If you drink soda each day, use carbonated water to help wean yourself off them. Studies suggest the brain reacts to artificial sweeteners much like it does to sugary sweets. Ingesting them frequently can increase your desire for high-calorie foods and put you at risk for weight gain and diabetes.
The type and amount of carbohydrates consumed may pose health risks, if in excess. Fructose in the U.S diet usually comes from high fructose corn syrup and Sugar Sweetened Beverages (SSB). In fact, SSBs are the single greatest source of calories and added sugars in the U.S. diet, accounting for about one-half of all added sugar (1). Several studies have shown an association between high SSBs consumption and increased body weight, diabetes, and coronary artery disease, stroke, gout, insulin resistance, kidney stones, and high lipids. SSBs also make you hungrier due to insulin spikes after consumption.
In theory, 1 can of soda a day can lead to weight gain of 5lbs per year. (2) Switching to SSB alternatives may significantly benefit Americans. Studies have shown that replacing 1 serving a day of SSBs with water was associated with about 1.1lbs less weight gain over a 4-year period. (3) Substituting 1 serving a day of SSBs with 1 cup of coffee daily is associated with a 17% lower risk of diabetes. (4).
The American Heart Association recommends no more than 100-150 kcalories a day from all added sugar. The World Health Organization recommends an upper limit of 10% of total energy from added sugar. Remember that one 12oz can of regular soda contains about 35g of sugar (140 calories) or 7% of total calories (based on 2,000 kcal per day).
Drinking too much soda or SSBs (Sugar Sweetened Beverages) can cause a negative impact on your health and wellbeing. To do your body justice, swap out 1 soda everyday with 1 bottle of water. Your body and your wallet will thank you later.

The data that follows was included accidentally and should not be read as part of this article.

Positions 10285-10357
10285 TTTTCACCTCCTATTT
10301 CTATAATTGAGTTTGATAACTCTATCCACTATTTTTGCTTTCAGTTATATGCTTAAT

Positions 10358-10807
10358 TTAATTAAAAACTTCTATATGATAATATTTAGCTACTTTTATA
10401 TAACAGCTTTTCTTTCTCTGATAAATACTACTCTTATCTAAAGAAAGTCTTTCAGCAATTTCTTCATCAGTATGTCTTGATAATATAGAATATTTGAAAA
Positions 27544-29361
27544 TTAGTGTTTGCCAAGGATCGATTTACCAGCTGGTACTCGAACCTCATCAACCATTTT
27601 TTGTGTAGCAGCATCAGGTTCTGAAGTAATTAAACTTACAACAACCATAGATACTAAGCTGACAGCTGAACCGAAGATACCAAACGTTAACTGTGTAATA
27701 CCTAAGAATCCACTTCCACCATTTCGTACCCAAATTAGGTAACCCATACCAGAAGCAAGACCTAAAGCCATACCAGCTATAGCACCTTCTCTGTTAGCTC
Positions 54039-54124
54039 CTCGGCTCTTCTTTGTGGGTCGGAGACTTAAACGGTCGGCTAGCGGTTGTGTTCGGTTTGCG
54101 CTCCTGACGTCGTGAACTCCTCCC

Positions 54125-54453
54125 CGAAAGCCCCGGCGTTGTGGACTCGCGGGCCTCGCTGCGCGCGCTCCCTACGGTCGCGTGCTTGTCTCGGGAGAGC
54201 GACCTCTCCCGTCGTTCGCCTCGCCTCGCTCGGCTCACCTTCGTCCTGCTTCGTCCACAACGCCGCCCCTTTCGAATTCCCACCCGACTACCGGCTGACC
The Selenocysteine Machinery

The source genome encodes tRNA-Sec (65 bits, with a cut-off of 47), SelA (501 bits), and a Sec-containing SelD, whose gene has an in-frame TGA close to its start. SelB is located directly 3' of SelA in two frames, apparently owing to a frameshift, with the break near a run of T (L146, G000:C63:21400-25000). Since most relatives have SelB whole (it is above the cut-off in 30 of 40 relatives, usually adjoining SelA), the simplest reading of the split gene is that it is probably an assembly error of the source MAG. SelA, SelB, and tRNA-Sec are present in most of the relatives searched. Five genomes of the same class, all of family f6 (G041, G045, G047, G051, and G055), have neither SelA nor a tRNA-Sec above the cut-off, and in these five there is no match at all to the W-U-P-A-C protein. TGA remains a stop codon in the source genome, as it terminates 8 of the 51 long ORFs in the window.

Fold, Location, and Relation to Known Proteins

Balance is Key
This simple exercise is something you can do while brushing your teeth or standing in a line. It’s a part of neuromotor training, which helps you improve your balance, agility and mobility — all things you need in everyday movement and in other forms of exercise.
Most Americans are aware of the many health benefits of exercise, but let’s be honest- who has the time to go to a gym consistently? The good news is that its never too late to start changing your exercise habits with or without a gym membership. You can start slowly and find ways to fit more physical activity into your busy life. To get the most benefit, try to get the recommended amount of exercise based on your age:
Physical activity falls into four categories which are: Aerobic exercise, Muscle strengthening, Flexibility, and Balance.
Depending on the specific goal, you may want to spend more time within each category.
For older adults (65 and older), perhaps a balance goal may be most beneficial. Balance exercise improves stability and may prevent falls and reduce injuries related to falls. Balance exercises are especially important for individuals who have a history of falling or who have mobility problems.
In a study from US National Health Interview Survey, nearly 20 percent of 37 million older adults (mean age 74 years) reported dizziness or balance problems in the preceding 12 months.3 Balance exercise improves stability and may prevent falls and reduce injuries related to falls.
Research has shown that participation in group classes of exercises, such as tai chi, improve balance and reduce falls risk. Balance training may involve activities that challenge gait patterns, such as heel-to-toe walking; increase awareness of use of the center of gravity for basic movements4.
1. 2018 Physical Activity Guidelines. U.S. Department of Health and Human Services.
2. Circulation. 2007;116(9):1094. Epub 2007 Aug 1.
3. Laryngoscope. 2012;122(8):1858.
4. J Gerontol A Biol Sci Med Sci. 2005;60(2):187.
https://health.gov/paguidelines/default.aspx (Accessed on August 1,